Kuno Becker

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This name uses Spanish naming customs: the first or paternal family name is Becker and the second or maternal family name is Paz.
Kuno Becker
Kuno Becker.jpg
Born Eduardo Kuno Becker Paz
(1978-01-14) January 14, 1978 (age 38)
Mexico City, Mexico
Other names Santiago Munez

Eduardo Kuno Becker Paz (born January 14, 1978) is a Mexican actor who has worked in telenovelas, Mexican cinema and U.S. cinema, but is best known for his portrayal of Ruben Berrizabal in Soñadoras and Santiago Muñez in the football movie Goal! and following sequels.

He also starred as Drew Ramos on the American drama series Dallas.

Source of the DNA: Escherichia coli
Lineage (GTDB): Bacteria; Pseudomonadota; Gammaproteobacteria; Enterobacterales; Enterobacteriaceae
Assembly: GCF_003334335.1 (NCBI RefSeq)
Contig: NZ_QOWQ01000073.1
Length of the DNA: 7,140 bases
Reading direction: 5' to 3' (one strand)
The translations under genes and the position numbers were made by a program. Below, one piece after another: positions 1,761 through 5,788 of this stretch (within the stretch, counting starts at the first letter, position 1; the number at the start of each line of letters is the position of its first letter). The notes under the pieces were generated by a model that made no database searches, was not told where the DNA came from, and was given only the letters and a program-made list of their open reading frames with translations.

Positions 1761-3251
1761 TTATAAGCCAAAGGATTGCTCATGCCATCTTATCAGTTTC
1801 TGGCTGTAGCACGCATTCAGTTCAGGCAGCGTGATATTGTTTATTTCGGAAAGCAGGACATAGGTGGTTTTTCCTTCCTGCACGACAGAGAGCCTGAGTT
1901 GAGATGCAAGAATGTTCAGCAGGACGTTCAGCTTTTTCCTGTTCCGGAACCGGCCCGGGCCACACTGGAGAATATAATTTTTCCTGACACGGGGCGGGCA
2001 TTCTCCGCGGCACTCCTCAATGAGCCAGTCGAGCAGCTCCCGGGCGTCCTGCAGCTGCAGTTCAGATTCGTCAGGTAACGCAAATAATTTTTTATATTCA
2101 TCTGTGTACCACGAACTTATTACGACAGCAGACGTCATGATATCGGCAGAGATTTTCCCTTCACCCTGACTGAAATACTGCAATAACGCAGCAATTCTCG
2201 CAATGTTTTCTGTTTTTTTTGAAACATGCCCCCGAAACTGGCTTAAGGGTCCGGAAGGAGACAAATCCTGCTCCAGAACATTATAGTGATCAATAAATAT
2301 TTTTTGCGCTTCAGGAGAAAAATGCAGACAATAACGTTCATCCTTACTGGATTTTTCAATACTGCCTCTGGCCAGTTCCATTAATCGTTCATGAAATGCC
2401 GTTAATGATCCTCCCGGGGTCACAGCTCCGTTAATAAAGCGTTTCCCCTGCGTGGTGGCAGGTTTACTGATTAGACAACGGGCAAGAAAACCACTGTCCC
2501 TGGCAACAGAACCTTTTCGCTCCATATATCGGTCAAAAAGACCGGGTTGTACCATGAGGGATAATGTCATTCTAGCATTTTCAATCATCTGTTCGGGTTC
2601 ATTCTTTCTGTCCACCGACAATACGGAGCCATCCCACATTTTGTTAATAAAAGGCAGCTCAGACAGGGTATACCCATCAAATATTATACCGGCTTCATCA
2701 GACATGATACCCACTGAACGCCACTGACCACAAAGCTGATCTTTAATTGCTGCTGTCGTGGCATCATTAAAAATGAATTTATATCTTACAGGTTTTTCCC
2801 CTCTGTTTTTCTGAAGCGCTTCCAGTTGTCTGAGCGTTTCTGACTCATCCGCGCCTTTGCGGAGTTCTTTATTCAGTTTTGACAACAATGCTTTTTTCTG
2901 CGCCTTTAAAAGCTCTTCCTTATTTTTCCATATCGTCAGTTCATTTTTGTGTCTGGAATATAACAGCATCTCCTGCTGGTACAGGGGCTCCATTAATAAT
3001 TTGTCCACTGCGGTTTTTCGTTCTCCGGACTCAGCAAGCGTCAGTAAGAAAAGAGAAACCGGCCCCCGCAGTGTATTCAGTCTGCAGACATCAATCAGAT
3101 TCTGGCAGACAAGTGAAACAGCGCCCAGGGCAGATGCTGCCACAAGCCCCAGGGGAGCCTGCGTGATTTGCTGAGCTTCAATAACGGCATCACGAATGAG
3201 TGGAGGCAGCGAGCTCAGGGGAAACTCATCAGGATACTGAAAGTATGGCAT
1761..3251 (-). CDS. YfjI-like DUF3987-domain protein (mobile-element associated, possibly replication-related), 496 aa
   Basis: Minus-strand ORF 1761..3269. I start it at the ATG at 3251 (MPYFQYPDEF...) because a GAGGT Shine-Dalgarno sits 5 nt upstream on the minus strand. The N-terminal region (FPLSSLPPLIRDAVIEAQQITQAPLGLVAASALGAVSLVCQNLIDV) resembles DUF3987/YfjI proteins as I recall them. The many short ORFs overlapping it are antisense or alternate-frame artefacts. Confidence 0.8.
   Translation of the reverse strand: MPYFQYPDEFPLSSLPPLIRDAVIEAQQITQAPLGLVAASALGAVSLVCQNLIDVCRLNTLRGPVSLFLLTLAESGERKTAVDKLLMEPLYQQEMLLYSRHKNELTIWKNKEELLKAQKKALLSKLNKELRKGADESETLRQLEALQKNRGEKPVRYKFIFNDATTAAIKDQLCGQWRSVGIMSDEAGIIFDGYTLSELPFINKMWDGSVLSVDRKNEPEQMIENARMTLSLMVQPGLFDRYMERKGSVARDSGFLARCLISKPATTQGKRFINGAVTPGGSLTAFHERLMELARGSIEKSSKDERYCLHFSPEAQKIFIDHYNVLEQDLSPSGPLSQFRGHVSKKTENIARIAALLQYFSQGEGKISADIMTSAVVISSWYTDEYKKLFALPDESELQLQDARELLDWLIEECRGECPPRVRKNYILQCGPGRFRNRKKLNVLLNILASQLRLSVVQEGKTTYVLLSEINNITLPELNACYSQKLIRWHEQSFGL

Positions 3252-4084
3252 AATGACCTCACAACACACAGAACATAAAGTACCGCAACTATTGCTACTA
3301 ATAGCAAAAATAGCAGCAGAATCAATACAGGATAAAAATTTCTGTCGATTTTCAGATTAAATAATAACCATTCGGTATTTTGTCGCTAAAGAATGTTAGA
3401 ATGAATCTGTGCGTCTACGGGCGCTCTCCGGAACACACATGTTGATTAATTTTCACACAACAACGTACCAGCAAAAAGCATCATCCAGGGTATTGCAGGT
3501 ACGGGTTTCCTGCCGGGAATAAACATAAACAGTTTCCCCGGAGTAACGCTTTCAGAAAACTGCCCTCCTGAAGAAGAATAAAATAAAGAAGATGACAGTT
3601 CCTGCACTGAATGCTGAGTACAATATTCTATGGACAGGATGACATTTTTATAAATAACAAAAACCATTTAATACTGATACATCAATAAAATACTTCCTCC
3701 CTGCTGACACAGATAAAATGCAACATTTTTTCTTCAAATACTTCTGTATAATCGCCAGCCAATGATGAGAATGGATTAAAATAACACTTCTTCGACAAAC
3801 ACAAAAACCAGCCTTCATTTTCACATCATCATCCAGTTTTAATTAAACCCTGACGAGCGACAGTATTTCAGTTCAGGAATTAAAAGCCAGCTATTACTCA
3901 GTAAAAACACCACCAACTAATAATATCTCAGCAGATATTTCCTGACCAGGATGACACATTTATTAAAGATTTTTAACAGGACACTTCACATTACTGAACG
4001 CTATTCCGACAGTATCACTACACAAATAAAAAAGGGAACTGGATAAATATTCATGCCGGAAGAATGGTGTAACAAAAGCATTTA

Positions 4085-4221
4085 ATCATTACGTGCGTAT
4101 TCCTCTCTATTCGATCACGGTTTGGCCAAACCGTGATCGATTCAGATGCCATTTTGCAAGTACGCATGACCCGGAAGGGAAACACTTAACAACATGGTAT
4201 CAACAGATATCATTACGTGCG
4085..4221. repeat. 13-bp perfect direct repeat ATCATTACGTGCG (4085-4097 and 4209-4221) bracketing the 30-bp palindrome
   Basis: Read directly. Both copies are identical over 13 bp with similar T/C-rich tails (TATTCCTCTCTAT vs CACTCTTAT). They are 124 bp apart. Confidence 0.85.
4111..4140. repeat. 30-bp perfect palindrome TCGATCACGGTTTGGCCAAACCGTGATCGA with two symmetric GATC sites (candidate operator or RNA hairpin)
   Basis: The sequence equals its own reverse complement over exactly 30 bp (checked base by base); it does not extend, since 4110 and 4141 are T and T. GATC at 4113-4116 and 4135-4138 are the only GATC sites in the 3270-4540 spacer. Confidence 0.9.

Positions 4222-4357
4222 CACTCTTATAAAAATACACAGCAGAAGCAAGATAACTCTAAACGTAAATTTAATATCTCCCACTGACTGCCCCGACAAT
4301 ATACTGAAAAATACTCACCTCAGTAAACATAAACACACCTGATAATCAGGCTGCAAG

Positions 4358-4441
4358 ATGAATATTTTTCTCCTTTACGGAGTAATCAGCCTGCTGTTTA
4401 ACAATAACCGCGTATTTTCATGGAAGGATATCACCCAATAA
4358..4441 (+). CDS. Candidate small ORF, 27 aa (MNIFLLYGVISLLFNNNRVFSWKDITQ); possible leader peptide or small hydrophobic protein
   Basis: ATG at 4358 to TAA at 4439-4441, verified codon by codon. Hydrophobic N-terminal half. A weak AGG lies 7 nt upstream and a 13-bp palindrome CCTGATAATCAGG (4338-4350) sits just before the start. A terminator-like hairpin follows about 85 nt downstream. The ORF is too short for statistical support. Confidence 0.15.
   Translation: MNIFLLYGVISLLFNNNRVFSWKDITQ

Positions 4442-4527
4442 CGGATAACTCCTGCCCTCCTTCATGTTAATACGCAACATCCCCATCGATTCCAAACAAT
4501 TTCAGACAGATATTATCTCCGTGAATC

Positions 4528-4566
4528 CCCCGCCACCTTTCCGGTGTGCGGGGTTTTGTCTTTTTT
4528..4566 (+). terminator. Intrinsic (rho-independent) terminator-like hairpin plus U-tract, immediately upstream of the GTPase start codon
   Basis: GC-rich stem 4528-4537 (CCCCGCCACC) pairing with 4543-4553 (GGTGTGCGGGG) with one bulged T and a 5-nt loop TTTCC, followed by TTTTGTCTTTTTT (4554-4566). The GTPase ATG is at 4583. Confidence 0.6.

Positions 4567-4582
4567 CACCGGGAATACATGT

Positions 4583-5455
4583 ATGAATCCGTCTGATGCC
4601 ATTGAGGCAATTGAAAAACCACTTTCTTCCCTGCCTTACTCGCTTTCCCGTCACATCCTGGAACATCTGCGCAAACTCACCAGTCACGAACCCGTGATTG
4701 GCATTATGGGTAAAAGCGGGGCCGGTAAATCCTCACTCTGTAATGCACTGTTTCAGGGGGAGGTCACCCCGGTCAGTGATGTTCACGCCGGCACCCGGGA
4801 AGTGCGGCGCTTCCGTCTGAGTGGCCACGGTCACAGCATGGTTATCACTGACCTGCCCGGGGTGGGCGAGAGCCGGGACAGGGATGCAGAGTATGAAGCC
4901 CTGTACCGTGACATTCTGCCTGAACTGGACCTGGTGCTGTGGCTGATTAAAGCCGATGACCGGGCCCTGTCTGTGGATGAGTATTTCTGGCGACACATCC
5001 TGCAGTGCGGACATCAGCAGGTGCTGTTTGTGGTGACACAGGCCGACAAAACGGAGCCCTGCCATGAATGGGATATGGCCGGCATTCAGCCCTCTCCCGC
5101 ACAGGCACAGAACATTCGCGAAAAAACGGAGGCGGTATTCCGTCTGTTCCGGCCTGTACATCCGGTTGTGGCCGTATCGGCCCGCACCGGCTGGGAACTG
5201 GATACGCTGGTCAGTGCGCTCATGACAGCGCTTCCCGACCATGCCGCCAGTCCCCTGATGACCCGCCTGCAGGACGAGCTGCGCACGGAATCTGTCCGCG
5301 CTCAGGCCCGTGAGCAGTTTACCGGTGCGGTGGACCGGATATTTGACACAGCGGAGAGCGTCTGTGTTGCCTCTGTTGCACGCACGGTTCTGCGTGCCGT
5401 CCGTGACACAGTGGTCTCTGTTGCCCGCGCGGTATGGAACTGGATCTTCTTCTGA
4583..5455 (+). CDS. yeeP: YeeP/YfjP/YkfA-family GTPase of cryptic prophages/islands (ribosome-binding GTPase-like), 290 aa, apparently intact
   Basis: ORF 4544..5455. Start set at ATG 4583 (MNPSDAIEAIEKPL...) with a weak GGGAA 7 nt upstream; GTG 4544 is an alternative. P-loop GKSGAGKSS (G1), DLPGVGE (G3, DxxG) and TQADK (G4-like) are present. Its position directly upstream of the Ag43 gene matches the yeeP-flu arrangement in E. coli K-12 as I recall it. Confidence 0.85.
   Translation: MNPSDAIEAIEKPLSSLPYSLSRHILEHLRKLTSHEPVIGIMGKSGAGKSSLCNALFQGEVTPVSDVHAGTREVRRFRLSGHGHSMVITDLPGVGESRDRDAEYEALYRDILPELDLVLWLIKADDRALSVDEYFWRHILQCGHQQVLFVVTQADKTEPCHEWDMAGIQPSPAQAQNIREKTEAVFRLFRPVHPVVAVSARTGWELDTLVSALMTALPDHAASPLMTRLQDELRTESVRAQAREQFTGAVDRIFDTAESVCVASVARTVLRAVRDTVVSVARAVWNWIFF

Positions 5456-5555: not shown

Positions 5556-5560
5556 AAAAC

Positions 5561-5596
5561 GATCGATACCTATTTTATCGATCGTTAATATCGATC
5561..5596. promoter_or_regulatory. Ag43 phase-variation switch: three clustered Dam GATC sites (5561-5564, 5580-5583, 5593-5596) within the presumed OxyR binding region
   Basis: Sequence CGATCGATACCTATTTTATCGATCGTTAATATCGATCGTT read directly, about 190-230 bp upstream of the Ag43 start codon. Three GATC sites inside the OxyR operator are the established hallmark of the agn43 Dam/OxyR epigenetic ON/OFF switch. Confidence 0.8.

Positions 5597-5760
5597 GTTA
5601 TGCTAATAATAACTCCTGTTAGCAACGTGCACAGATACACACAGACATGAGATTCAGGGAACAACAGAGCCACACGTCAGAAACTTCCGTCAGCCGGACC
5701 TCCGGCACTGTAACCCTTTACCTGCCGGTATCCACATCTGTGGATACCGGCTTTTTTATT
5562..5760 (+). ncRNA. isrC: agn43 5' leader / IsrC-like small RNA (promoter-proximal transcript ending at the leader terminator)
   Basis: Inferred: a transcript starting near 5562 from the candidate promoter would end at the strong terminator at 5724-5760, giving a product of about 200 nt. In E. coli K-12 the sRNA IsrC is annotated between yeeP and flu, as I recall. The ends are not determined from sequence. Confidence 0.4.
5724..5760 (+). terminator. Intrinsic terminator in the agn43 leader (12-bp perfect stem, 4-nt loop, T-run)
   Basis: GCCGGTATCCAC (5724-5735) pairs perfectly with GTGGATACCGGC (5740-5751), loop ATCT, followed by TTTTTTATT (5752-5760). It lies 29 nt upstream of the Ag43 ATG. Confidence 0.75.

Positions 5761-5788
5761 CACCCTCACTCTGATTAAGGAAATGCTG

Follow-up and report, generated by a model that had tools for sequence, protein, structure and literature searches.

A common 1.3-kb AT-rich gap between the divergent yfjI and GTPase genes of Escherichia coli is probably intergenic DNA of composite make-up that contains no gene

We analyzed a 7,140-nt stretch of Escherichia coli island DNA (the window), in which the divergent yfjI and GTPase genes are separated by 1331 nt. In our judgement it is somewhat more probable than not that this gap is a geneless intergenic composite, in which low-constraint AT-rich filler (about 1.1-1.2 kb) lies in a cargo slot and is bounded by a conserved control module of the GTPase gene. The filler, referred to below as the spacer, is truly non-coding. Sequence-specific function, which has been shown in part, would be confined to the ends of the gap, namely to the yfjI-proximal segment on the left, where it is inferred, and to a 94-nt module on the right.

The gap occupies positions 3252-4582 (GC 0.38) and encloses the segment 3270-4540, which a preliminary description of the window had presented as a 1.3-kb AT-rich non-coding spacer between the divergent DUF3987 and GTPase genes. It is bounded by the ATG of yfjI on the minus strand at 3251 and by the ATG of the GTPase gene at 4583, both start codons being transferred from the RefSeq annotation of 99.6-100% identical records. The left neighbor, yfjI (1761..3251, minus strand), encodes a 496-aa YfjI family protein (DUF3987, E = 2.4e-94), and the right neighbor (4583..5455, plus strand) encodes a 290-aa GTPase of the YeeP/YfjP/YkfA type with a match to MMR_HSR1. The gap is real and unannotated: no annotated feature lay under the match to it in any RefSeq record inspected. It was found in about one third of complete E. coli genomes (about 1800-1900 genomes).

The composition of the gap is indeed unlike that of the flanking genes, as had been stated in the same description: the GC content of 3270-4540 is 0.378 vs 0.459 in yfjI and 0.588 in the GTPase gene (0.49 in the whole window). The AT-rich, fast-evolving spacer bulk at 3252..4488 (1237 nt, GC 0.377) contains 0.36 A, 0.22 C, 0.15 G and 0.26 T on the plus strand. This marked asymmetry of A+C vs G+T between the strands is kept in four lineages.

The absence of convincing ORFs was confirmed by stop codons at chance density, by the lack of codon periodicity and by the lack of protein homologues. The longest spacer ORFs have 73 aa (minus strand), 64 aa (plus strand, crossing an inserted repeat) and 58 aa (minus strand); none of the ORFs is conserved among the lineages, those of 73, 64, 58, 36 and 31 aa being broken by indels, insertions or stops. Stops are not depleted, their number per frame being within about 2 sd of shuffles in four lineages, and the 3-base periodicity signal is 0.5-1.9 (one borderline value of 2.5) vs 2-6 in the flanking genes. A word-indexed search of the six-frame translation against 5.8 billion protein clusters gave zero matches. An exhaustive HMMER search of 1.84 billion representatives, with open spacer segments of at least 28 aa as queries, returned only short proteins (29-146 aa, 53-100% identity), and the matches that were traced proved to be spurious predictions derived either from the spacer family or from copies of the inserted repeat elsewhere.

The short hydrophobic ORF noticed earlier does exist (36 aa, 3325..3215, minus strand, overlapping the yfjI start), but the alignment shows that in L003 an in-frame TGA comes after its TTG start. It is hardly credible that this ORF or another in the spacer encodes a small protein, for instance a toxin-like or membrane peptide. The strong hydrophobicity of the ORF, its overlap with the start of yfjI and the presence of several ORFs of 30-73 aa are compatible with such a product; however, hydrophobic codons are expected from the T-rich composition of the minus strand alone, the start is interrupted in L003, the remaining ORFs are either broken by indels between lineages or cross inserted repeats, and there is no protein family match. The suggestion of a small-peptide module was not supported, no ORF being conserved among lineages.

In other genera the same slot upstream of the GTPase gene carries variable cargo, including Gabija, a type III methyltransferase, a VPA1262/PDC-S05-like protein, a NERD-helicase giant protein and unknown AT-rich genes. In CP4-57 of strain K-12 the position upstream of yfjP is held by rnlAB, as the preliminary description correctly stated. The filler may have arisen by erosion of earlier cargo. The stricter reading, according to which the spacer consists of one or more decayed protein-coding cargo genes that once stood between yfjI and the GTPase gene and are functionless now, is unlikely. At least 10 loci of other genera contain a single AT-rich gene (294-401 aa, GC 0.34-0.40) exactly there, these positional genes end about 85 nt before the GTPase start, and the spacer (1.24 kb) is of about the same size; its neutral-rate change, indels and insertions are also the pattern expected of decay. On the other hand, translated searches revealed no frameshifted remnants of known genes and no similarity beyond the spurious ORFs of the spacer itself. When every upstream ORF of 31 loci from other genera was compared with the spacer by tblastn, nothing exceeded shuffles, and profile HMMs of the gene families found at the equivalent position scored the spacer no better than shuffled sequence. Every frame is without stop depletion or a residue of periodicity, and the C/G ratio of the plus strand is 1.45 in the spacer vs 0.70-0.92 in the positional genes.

Early years[edit]

Becker was born in Mexico City to Manuel Becker Cuellar and Maria del Rocio Teddie Paz Felix.[1] He has two siblings, Gunther and Karine.

Becker's career as an artist began at an early age, although not as an actor but as a musician. When he was six years old, he intended to become a professional violinist. After obtaining a scholarship, he traveled to Europe and began his studies at the Mozarteum in the city of Salzburg, Austria, where he spent several years taking violin lessons with internationally famous teachers such as Denes Zsigmondi and Ruggiero Ricci.

Acting career[edit]

At seventeen Kuno made the decision to set aside his career as a violinist, in order to pursue what he now considers his greatest passion, acting. He auditioned with more than 3,200 candidates and was accepted as a student at the Centro de Educación Artística (CEA) of Televisa.